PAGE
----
The Donkey Kong high-score scene is famous enough to have a documentary about it, starring high-score veteran and hot sauce maven Billy Mitchell. Mitchell's scores are being called into question for using different hardware than originally thought.

The post explaining the removal goes into long technical detail with gifs that explain the difference between hardware, but essentially it has been alleged that Mitchell is using an emulator called MAME while playing Donkey Kong versus actual hardware, creating an uneven playing field on some of his highest scores.

"In summary, these GIFs show that each of the Donkey Kong world record direct feed recordings presented by Billy Mitchell and verified by TG were generated in MAME and not by original Donkey Kong hardware," wrote dispute settler Jeremy Young on TwinGalaxies, the site that tracks and verifies high scores. "These scores are: 1,047,200 (the King of Kong "tape"), 1,050,200 (the Mortgage Brokers score), and 1,062,800 (the Boomers score). In order to demonstrate this, it's necessary to understand how DK images are generated by MAME versus an original PCB."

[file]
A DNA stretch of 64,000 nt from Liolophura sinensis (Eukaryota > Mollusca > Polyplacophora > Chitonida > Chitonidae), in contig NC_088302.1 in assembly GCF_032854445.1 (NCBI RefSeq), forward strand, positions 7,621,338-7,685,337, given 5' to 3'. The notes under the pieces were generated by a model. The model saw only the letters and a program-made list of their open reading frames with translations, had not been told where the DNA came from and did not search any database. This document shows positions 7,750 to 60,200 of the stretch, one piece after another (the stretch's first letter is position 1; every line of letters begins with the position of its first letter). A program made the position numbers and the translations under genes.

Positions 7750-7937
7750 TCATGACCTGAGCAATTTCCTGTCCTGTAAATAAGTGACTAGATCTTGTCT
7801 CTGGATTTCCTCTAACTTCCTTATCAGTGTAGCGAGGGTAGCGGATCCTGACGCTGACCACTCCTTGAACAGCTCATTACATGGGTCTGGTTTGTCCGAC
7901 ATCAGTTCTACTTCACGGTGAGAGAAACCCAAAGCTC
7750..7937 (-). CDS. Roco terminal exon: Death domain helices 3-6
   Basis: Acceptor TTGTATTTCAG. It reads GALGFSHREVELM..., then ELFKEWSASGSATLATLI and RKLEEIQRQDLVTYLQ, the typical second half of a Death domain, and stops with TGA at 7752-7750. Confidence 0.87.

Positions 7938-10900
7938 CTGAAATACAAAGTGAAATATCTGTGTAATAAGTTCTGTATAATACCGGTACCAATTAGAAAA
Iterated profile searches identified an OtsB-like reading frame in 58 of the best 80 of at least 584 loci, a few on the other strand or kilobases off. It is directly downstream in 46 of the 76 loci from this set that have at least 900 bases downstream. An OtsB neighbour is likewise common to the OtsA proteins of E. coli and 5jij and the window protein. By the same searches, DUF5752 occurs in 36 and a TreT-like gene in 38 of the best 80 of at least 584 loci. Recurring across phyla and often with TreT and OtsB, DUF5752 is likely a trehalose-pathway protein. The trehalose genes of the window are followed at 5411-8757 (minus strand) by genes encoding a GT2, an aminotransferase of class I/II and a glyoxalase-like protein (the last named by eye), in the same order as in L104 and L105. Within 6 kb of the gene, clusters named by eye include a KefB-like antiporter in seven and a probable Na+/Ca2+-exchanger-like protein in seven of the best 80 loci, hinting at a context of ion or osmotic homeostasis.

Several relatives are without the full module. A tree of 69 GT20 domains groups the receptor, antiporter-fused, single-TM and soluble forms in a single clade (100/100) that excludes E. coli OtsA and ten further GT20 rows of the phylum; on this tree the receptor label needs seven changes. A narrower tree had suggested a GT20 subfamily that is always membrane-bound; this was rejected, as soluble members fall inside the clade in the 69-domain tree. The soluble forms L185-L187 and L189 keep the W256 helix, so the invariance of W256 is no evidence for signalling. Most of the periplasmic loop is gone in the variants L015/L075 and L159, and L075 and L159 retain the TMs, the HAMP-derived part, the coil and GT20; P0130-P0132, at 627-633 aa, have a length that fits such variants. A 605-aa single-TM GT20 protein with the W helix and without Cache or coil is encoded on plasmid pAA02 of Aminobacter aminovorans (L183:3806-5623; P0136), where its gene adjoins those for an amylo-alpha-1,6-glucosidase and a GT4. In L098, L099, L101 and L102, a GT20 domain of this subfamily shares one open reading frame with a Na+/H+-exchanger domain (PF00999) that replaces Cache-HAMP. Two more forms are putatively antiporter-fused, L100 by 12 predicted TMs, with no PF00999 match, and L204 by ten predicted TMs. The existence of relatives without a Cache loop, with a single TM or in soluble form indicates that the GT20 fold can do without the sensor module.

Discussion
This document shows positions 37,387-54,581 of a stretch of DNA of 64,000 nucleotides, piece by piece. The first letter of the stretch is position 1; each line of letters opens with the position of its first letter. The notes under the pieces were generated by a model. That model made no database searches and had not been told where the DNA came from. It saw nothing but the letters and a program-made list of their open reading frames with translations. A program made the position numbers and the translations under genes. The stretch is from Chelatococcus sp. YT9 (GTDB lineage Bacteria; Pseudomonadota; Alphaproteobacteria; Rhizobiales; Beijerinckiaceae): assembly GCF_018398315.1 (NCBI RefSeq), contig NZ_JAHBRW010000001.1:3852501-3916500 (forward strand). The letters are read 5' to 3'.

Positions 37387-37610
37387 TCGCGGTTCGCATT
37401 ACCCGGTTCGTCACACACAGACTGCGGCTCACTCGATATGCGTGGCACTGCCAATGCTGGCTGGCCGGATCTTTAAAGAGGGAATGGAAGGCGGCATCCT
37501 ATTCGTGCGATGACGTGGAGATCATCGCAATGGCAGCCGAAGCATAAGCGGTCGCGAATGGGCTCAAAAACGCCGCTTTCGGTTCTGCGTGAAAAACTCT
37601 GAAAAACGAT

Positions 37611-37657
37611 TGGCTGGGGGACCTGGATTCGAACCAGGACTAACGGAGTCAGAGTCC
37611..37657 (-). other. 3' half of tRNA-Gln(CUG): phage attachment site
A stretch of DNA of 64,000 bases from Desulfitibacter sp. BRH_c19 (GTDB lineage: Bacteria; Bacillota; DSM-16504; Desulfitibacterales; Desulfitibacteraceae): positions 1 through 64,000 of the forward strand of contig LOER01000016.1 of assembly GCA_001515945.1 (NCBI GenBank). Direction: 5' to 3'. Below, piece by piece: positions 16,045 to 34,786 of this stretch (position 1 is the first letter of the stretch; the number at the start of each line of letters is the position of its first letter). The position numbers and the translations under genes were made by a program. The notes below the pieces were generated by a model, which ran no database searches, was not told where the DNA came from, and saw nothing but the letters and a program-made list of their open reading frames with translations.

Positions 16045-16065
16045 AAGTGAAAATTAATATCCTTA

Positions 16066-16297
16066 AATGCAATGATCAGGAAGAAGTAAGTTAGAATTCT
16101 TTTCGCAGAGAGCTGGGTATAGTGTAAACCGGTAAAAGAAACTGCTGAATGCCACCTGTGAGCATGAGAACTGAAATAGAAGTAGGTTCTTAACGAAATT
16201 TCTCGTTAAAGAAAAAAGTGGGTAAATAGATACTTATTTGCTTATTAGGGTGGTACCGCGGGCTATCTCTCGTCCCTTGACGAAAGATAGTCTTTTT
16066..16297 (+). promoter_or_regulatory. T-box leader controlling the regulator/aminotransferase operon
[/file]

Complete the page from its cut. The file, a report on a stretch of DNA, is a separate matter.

Young, who uses the screenname Xelnia, goes on to explain how it is possible to tell the difference between an emulated game and hardware. "A simple analogy would be this: Real DK hardware generates the image in the same way you would open or close vertical window blinds...from side to side. Older versions of MAME (pre-0.122) generate the image in the same way you would put together a puzzle...piece by piece."

As such, Young has made the decision to remove the above-mentioned scores above a million, dropping Billy Mitchell from the top 20 to 48, to his last publicly validated score.

One interesting note is that the scores being removed were personally verified by infamous Dragster record-holder, Todd Rogers. Earlier this very week, Rogers' world records for Dragster were disqualified due to the numbers being determined impossible and fraudulent. Rogers denies any wrongdoing.

Billy Mitchell could not be reached for comment.

We had the opportunity to speak with Mitchell last year, along with the founder of TwinGalaxies Walter Day. You can check out the GI Show where we talked to them here below.

 

Our Take
It is worth reading Young's breakdown of how the arcade and emulated versions differ, as it's actually quite fascinating. For some reason, high-scores of retro games are rife with drama.